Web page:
University President Lawrence S. Bacow returned to Washington, D.C., for the second time during his presidency to lobby federal lawmakers and a White House staffer to increase research funding, bolster immigration protections, and avoid another government shutdown on Thursday.
The meetings come on the heels of the longest partial government shutdown in U.S. history. The 35-day shutdown left more than 800,000 federal employees either furloughed or forced to work without pay, caused funding lapses, and restricted access to resources used by some Harvard faculty members and graduate students.
“I've talked to them about research funding issues — the importance of continued NIH and NSF funding — trying to get a two-year budget deal so that we don't find ourselves with a sequester again,” Bacow said.
Bacow met with several lawmakers from the House and the Senate across the political spectrum, including U.S. Senators Mitt Romney (R-Utah), Lamar Alexander (R-Tenn.), and Roy D. Blunt (R-Mo.), along with Rep. Jim P. McGovern (D-Mass.). Bacow also spoke with Kelvin Droegemeier, the White House’s director of the Office of Science and Technology Policy.
McGovern wrote in an emailed statement that he was appreciative of Bacow’s visit and is excited to work with him moving forward.
“President Bacow and I had a fantastic meeting where we discussed many of the issues facing higher education institutions in Massachusetts and across America,” McGovern wrote. “I’m grateful he took the time to stop by, and I look forward to continuing to work with him on behalf of students.”
Spokespeople for Romney, Alexander, and Blunt did not respond to multiple requests for comment.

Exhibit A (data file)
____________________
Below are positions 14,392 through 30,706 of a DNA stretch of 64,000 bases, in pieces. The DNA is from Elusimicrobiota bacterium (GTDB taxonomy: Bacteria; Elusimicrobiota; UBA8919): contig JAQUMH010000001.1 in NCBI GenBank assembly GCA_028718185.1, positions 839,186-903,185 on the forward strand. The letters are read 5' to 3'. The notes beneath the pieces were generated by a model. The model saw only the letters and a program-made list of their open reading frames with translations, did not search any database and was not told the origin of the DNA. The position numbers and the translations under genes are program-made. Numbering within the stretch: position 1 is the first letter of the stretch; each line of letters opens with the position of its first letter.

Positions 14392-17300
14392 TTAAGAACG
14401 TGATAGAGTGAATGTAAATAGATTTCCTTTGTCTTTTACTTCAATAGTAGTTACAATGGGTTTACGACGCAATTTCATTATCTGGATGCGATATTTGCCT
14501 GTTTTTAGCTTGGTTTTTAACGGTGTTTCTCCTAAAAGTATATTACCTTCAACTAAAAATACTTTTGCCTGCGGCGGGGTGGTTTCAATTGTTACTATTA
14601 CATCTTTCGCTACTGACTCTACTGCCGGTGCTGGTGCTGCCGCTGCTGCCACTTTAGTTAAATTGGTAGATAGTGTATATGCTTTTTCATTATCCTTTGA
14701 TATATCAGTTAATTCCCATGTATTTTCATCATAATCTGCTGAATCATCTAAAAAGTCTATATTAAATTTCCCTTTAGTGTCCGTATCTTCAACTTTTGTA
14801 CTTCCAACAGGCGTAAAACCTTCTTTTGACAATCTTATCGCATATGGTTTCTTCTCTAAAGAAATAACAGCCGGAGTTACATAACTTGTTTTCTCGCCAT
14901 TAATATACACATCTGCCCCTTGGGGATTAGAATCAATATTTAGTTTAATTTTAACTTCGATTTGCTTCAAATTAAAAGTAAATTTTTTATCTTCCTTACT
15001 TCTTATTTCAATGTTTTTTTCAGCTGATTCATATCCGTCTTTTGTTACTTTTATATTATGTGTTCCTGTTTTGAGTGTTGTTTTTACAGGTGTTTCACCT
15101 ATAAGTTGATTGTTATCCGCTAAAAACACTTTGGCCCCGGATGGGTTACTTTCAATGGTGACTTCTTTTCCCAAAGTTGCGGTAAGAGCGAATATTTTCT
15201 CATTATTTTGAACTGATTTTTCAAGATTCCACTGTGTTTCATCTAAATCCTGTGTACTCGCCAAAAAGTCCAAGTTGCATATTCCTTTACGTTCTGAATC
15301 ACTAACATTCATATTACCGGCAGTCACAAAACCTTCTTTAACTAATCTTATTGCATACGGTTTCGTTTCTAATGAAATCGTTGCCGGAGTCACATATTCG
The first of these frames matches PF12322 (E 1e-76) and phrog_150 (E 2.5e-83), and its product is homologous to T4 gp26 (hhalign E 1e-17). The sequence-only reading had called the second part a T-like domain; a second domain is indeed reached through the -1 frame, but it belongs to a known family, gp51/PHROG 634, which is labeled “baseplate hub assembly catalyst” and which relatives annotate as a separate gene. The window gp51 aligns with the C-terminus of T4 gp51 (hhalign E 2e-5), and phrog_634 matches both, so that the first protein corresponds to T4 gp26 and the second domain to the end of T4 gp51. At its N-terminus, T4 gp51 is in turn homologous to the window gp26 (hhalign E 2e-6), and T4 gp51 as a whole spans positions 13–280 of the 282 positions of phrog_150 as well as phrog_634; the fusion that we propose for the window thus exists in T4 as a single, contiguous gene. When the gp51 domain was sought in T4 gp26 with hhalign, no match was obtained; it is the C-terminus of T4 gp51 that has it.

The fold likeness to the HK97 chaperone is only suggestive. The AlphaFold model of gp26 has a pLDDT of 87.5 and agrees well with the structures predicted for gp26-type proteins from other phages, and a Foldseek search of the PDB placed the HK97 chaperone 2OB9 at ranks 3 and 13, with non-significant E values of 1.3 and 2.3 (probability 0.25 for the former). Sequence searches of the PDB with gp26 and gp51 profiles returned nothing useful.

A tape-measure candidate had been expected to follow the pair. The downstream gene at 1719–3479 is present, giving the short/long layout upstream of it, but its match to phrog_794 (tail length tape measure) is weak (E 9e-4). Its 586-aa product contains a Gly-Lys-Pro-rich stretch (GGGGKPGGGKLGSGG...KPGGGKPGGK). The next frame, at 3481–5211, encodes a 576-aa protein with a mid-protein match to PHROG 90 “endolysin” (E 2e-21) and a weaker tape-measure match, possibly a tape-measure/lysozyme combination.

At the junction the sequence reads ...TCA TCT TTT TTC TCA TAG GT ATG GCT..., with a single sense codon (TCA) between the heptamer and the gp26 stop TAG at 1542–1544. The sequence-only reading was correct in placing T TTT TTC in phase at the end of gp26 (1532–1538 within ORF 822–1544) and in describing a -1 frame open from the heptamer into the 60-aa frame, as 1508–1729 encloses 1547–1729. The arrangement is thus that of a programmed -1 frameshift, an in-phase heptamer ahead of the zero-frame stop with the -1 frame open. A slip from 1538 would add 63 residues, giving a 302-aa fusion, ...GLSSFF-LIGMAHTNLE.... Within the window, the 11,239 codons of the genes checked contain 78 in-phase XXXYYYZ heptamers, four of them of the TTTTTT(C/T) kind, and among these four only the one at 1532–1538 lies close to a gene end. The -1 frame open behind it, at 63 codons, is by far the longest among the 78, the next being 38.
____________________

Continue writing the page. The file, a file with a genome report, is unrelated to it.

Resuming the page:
In past visits to Washington, Bacow met privately with legislators like Senate Minority Leader Chuck E. Schumer ’71 (D-N.Y.), U.S. Senator Michael D. Crapo (R-Idaho), and U.S. Senator Edward J. Markey (D-Mass.).
This trip marks Bacow’s first journey to Washington since the U.S. House of Representatives flipped from Republican to Democratic control in January — a shift that Bacow noted did “change things.” Bacow said, however, that the new Congress hasn’t “really changed” his lobbying strategy in Washington.
Similar to previous visits, Bacow lobbied against an excise tax on some universities’ — including Harvard’s — endowment returns that will likely cost the University between $40 million and $50 million per year. He also made the case for continued research funding and for protections for students in the Deferred Action for Childhood Arrivals program — an Obama-era measure that allows undocumented youth to live and work in the United States — and workers with Temporary Protected Status.
Regarding the endowment tax, Bacow said that “it’s difficult to predict at this point” the future of the tax.
“At a time in which other countries are supporting their universities, we are taxing ours,” Bacow said. “And in a world that is increasingly competitive, especially, literally a global market for academic talent, this is not helpful.”
The University previously stated that they hadn’t yet received guidance on how to file its taxes with the new levy in place. As of Thursday, Bacow said that was still the case, though the University still has a few months before it needs to file that particular tax for the first time.
“We are still awaiting final regulations from the Treasury Department,” he said.
—Staff writer Alexandra A. Chaidez can be reached at email@example.com. Follow her on Twitter @a_achaidez.
—Staff writer Aidan F. Ryan can be reached at firstname.lastname@example.org. Follow him on Twitter @AidanRyanNH.
'I Can't Tell You Where the Money's Going to Come From,' Bacow Says of Endowment Tax
Bacow Warns Admissions Trial Could 'Create Divisions' Among Harvard Affiliates
What’s At Stake for Harvard in the Midterm Elections
Bacow Met With U.S. Treasury Representative to Discuss Endowment Tax Guidance
Bacow Should be Deliberate When Choosing to Speak Out